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Collapsing Colosseum!

Hi my first post here so apologies for any unforeseen poor form etc. I’ve had a disaster with the Colosseum. I completed the ‘low side Ok, but when I was putting the first half of the ‘high side’ in place bits started to fall off starting a chain reaction that has resulted in a complete mess ... partly my fault, but it is so fragile as a build, anyway, I\m left with an overwhelming pile of ruins, but worse, no optimism that it won’t happen again. Any advice?

Comments

  • lowleadlowlead USAMember Posts: 155
    Gorilla Glue™  Lots!






    ...Welcome, btw😁
  • FizyxFizyx ColoradoMember Posts: 1,119
    edited February 15
    lowlead said:
    Gorilla Glue™  Lots!

    I hear their spray glue is, quote, "Considered permanent."
    Switchfoot55SirBrickalotOfLegogmonkey76
  • peter_galepeter_gale UKMember Posts: 2
    Do people actually use glue? Sorry, wasn’t sure if you were joking or not. Seems a shame that their biggest set isn’t a little more robust!
  • FizyxFizyx ColoradoMember Posts: 1,119
    Definitely joking.  I have no problem gluing sets, as long as you are sure that you are both going to keep it forever, and will never take it apart.  (Both things that I, myself, would never commit to even for my absolute favorite sets.) 

    I think @gratefulnat is right that it's likely that not a lot of people here have built the set yet.  It's huge, expensive, and just came out in November, and seems to have a much more niche appeal than a lot of the other comparably large sets. (This is not judgement!  I love the set personally, just explaining why probably not many people have built it yet. :) )  So you're probably at the forefront of finding some of these construction issues.  I think gratefulnat provided a great basic guide for connecting large sections together, and that may be the best you're going to find out in the wild for the time being for the reasons mentioned above. :(
    gratefulnatCymbeline
  • PaperballparkPaperballpark Near ManchesterMember Posts: 4,060
    I have the set on my wishlist, but we'll see when/whether I actually get it.

    Oh and if gluing Lego, use MEK (Methyl Ethyl Ketone) for ABS, and a needle syringe. That's the stuff that the professionals (Legoland and LCPs) use. Two words of caution though. Firstly, use it out in the open or somewhere with very good ventilation (it's a carciogen. The workshops of the pros usually have proper moveable extraction fans which can be positioned directly above the workspace). Secondly, only use the stuff if you really don't want to take the parts apart again - glued properly, the bond will be stronger than the plastic itself and you simply won't be able to.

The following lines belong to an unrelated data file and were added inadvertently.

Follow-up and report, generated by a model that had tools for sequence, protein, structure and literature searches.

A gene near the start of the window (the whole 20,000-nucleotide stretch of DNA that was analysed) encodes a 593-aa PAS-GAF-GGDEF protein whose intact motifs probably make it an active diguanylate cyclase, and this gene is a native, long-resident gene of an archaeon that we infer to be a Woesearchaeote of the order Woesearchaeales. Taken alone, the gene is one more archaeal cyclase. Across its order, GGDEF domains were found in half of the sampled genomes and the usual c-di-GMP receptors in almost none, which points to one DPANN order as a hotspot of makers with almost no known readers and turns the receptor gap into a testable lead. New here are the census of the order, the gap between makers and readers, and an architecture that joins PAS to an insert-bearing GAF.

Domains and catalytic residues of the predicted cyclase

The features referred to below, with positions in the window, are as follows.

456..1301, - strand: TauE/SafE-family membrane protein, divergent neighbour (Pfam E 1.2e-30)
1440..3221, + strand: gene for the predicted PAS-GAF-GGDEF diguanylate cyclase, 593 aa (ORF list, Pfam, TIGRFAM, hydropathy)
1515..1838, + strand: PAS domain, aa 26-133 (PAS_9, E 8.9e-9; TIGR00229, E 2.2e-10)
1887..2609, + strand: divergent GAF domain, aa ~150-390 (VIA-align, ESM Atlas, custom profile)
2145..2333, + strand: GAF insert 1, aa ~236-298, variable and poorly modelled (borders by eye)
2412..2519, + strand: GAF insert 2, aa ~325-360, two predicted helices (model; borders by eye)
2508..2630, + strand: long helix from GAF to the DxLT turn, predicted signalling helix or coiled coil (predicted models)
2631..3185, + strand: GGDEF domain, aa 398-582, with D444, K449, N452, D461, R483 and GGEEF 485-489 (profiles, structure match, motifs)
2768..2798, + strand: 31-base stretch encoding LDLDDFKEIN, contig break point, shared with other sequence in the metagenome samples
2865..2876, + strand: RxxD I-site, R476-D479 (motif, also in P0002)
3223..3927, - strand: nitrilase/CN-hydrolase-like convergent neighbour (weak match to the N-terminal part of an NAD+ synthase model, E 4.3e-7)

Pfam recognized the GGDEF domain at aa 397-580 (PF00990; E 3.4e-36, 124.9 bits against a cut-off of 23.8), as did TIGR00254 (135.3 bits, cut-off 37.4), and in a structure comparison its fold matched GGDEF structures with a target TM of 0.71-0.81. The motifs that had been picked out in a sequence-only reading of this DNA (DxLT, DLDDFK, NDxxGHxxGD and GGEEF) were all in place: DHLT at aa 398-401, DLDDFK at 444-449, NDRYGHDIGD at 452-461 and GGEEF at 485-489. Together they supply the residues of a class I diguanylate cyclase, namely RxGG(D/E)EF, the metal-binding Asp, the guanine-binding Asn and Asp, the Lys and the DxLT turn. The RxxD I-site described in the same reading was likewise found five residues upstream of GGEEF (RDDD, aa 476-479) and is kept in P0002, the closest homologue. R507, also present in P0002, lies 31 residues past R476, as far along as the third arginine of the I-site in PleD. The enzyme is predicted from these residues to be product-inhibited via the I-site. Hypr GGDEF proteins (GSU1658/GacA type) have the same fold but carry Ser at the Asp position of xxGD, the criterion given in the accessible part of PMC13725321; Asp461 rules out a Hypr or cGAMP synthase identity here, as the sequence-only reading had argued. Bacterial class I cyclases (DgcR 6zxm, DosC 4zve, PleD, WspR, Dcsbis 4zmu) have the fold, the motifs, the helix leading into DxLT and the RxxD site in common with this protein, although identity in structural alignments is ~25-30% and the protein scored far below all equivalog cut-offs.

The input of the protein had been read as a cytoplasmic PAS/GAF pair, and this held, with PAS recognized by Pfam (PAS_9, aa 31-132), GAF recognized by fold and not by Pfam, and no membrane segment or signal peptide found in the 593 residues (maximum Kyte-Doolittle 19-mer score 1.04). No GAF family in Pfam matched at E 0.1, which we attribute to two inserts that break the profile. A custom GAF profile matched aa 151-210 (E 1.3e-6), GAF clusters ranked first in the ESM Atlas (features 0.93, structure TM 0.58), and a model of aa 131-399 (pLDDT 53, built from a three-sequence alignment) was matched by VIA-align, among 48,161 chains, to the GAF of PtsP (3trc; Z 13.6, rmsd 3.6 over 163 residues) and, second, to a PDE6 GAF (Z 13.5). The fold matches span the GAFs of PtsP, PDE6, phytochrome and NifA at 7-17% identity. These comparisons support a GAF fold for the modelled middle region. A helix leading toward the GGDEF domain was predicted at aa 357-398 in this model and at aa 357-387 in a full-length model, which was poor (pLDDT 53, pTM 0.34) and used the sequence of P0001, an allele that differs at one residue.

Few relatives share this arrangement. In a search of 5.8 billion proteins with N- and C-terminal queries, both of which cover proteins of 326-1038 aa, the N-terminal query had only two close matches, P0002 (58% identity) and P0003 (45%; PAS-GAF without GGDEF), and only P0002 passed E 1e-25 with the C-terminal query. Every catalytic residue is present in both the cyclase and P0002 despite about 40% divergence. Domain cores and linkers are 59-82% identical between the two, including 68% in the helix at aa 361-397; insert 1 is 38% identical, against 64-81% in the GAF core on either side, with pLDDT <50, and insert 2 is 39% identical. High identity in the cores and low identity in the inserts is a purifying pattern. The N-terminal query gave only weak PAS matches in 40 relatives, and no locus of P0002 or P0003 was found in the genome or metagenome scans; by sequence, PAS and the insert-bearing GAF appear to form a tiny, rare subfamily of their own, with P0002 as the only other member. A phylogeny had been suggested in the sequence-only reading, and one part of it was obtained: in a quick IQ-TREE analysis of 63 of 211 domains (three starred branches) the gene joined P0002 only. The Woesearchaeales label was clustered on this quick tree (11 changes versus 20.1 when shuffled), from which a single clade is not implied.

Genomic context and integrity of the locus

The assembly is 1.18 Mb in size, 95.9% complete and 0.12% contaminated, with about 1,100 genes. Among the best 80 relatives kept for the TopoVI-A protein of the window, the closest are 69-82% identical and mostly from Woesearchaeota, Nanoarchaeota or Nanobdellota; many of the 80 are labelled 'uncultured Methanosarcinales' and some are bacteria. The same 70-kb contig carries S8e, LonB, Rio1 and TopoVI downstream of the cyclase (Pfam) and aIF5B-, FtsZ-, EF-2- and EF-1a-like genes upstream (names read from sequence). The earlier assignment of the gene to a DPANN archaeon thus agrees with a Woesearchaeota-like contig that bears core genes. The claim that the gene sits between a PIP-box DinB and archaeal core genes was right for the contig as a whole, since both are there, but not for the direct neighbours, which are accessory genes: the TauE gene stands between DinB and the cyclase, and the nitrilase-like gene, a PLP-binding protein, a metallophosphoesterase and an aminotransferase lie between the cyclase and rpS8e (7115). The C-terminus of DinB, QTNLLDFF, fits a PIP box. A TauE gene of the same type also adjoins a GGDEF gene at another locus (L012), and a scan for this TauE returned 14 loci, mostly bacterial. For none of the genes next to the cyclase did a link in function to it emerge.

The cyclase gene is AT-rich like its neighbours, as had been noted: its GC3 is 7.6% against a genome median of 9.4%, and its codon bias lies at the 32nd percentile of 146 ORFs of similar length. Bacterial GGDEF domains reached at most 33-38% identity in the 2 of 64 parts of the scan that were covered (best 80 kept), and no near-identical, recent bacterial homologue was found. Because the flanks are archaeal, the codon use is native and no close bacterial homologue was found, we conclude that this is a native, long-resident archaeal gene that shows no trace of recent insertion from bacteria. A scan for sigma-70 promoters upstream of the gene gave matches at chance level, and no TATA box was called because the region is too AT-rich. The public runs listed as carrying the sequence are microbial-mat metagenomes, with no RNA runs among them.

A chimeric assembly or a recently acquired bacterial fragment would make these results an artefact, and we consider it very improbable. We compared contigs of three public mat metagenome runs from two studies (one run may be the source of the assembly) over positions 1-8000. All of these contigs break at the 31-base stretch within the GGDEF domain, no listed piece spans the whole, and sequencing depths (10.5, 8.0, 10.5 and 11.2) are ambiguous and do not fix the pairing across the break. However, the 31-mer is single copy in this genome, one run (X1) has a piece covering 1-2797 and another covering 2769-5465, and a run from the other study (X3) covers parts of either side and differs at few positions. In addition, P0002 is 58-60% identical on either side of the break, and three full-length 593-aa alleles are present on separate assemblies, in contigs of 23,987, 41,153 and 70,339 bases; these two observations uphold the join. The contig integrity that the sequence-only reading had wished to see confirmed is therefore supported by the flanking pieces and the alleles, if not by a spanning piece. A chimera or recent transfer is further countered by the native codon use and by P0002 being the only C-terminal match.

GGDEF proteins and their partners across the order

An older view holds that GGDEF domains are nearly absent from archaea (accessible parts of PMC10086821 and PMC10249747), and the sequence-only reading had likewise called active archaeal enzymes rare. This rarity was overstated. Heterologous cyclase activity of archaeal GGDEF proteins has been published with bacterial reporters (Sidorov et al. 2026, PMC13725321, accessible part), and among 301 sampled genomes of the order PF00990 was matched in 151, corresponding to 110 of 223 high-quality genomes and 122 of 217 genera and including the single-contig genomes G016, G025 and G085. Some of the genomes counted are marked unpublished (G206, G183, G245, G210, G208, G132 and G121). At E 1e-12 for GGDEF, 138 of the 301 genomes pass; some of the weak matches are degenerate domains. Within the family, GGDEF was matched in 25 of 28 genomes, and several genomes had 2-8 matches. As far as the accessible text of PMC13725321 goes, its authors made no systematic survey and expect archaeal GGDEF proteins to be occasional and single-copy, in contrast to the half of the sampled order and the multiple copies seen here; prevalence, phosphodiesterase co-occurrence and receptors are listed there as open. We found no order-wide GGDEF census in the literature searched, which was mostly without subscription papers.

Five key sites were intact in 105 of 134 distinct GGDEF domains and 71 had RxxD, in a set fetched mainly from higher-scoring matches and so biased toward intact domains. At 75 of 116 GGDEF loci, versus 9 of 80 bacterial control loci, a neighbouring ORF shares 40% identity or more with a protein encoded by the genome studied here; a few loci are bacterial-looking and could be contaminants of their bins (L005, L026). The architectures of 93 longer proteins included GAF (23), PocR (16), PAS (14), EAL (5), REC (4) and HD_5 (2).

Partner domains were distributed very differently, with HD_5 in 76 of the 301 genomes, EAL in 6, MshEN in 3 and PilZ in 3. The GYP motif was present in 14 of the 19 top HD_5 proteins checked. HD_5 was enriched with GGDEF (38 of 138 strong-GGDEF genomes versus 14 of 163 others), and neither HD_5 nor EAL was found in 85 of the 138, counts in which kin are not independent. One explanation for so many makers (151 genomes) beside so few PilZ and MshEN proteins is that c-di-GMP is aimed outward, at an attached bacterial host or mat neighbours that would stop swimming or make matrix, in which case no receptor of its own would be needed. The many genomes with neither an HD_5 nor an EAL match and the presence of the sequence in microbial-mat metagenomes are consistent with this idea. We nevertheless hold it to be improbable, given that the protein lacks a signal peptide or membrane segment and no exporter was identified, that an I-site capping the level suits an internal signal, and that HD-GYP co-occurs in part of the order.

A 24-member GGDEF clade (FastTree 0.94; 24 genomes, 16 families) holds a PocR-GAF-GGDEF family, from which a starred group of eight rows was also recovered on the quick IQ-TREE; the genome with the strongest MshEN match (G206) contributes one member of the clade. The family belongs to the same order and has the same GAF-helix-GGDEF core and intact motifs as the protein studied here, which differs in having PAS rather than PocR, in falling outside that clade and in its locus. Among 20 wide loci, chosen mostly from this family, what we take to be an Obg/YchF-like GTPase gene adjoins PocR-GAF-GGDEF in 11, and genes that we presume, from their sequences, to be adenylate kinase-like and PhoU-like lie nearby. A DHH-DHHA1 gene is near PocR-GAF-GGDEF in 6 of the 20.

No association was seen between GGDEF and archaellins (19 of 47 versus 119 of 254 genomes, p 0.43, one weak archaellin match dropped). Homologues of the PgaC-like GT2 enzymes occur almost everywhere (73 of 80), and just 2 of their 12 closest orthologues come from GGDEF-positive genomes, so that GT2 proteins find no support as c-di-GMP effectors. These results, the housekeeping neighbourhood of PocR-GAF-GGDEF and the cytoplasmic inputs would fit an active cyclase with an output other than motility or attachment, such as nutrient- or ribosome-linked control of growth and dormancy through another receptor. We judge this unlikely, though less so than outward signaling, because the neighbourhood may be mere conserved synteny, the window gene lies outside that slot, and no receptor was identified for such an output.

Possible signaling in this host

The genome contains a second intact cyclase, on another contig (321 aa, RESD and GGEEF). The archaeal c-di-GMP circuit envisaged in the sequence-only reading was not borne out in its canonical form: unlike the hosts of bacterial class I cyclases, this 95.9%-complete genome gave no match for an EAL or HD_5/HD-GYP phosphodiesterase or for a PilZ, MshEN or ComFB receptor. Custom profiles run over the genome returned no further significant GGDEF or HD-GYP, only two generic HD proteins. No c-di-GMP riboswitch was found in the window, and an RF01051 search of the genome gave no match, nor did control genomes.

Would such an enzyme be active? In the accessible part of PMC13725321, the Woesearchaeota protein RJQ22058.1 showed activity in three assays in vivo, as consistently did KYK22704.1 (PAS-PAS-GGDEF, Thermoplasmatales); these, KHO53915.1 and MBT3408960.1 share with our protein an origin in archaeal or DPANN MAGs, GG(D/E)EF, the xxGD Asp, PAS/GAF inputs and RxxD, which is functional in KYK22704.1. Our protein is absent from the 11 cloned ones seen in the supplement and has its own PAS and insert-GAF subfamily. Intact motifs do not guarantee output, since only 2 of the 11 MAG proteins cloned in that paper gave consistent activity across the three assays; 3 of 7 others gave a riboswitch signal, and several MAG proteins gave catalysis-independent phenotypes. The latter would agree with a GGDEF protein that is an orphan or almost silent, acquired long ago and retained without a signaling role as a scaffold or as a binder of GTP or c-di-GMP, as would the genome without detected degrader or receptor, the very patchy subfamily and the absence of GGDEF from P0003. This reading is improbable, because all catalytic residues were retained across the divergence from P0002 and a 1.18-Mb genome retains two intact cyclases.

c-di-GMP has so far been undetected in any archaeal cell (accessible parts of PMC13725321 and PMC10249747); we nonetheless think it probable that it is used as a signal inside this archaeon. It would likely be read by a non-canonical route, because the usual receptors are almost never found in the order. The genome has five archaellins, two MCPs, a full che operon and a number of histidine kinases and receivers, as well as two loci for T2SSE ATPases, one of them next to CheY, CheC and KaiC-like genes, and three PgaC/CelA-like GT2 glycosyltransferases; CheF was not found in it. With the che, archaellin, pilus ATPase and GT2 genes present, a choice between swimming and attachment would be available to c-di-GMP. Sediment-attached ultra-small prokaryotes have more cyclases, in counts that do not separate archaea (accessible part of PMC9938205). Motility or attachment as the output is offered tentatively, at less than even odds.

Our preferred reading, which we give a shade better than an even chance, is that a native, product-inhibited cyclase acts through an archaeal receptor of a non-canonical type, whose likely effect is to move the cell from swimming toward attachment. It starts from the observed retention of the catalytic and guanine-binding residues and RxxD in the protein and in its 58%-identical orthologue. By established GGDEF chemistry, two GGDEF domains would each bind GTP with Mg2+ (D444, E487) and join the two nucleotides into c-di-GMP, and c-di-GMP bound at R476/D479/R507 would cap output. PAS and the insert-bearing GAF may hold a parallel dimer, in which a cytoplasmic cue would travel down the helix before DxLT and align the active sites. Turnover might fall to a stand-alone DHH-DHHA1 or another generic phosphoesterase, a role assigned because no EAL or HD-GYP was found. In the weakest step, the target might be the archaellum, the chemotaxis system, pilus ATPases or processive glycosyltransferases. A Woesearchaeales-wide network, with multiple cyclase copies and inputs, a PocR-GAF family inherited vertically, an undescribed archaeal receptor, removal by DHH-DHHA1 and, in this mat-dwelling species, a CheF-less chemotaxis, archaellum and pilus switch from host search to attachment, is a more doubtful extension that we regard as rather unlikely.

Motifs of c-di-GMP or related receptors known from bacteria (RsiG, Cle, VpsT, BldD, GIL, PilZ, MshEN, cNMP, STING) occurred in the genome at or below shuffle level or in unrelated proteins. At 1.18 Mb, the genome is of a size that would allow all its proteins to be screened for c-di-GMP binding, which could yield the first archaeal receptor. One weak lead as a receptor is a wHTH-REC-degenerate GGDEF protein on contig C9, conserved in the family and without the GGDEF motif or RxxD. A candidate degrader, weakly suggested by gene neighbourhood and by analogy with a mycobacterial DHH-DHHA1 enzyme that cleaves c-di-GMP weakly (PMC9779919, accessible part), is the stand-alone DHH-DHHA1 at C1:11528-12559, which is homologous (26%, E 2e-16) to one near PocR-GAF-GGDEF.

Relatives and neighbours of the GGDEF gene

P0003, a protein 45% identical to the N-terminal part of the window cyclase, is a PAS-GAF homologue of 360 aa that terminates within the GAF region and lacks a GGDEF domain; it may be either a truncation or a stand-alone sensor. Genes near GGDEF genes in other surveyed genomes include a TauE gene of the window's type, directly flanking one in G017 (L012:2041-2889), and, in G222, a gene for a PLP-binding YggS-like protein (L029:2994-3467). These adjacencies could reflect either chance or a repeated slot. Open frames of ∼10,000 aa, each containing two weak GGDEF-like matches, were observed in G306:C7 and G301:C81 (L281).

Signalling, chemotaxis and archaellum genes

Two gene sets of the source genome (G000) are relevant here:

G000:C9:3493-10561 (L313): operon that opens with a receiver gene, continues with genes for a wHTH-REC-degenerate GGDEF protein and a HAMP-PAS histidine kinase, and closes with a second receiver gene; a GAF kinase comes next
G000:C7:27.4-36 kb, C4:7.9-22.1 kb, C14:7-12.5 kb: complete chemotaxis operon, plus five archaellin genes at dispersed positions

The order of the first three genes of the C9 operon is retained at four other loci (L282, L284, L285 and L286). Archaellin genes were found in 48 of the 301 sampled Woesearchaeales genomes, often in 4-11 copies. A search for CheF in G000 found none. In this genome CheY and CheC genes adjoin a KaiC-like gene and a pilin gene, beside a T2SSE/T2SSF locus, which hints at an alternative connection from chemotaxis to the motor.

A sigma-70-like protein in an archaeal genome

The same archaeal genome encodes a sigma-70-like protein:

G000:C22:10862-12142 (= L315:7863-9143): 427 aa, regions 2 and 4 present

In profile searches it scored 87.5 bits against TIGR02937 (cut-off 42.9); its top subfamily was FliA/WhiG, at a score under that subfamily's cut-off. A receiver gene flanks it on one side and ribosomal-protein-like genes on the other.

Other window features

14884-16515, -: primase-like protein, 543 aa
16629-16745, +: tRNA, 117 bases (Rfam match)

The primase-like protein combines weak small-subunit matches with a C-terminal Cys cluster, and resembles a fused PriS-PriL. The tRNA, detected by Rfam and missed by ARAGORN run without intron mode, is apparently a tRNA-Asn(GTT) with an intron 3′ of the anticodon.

Fizyx
  • CyberdragonCyberdragon Maryland, U.S.AMember Posts: 527
    I have the set on my wishlist, but we'll see when/whether I actually get it.

    Oh and if gluing Lego, use MEK (Methyl Ethyl Ketone) for ABS, and a needle syringe. That's the stuff that the professionals (Legoland and LCPs) use. Two words of caution though. Firstly, use it out in the open or somewhere with very good ventilation (it's a carciogen. The workshops of the pros usually have proper moveable extraction fans which can be positioned directly above the workspace). Secondly, only use the stuff if you really don't want to take the parts apart again - glued properly, the bond will be stronger than the plastic itself and you simply won't be able to.
    Yes, it's 100% permanent as it's a welding adhesive for plastic, meaning it disolves the parts and fuses the plasic together (just like a metal weld). This also means it deliberately damages the parts, so only tiny amounts in non-visable areas. If the bond does break, it's also destructive just like a metal weld snapping.

    Adam Savage uses it profusely when working with pure styrene. I'm not sure about ABS, but at least with pure styrene you have a few seconds of grace period before full fusion occurs, though to ensure a good weld it should be held still during fusion.

    This is all hypothetical of course. Please don't weld your Lego unless you are intending to make a professional/high durability display. As mentioned it is destructive to the parts and should only be used with experience. Any other high strength standard chemical adhesive (such as cyanoacrilate) should be fine for home gluing. 
    iwybsFizyx
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